At First Choice Court Reporting, we see our jobs as high-stakes. Providing an accurate transcript can be the difference between a million-dollar settlement and nothing, the difference between an innocent and a guilty verdict.
That being said, we understand that some do not see things the same way.
Recently in Racine, Wisconsin, a court reporter was captured on a news segment playing FreeCell solitaire on his laptop while transcribing court proceedings with voice writing.
The reporter in question took exception to becoming a story, replying in a statement: “Buy a transcript. I don’t know what else to say. I don’t tell you how to do your job, and you don’t tell me how to do mine. And if I produce a transcript that is inaccurate, I will hear about it immediately. And I’ve never heard a word, and I’ve been doing this for 15 years.”
Experts Weigh In
Psychologists claim that there are benefits of gaming during work, from reawakening us when the work becomes tedious, to providing stress relief and a feeling of being in control in an otherwise servient role. Longer hours, they say, make it easier and more acceptable to fit in a few minutes of play during the work day. According to Chris Ferguson, a psychology professor who researches video games, explains “Some video games are built to give you a short experience where you can be competent or autonomous.”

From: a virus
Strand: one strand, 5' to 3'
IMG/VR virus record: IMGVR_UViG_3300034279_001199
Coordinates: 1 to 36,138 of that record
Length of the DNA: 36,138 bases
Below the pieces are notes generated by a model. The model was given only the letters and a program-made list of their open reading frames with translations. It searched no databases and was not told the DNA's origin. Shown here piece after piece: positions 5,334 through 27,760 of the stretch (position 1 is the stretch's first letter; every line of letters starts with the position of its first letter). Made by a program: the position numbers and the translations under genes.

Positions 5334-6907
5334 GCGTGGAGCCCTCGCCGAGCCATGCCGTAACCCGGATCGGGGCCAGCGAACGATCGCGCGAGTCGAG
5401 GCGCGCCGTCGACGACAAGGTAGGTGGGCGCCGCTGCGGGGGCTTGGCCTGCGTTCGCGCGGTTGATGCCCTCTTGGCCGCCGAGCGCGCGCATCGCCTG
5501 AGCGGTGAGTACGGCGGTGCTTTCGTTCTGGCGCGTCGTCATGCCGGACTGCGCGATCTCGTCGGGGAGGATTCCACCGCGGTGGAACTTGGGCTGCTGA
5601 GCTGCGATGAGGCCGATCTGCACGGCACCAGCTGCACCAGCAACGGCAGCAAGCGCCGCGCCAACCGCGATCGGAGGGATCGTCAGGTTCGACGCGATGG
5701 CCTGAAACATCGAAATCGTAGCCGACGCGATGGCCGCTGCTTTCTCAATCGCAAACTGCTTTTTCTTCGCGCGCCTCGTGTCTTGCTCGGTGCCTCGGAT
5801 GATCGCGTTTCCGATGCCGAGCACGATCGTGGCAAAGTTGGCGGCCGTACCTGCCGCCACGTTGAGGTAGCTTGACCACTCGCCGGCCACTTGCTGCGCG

Entire companies, too, are embracing gaming as part of their corporate cultures. Google and Facebook offer a wide variety of fun office distractions to motivate workers and build workplace enthusiasm.
We can agree with all those points. A quick round of Candy Crush makes us happy. When we play solitaire with Vegas scoring, it’s fun to see how much imaginary money we’ve won. And if you’ve ever played Words with Friends with other reporters, you’ll understand the benefits of our always-expanding vocabularies!
But we believe that our clients’ work is more important. Proceedings, whether in court or in a deposition, will always take a priority for us. Even though people always speak more slowly than we can type, that is never an invitation to multi-task.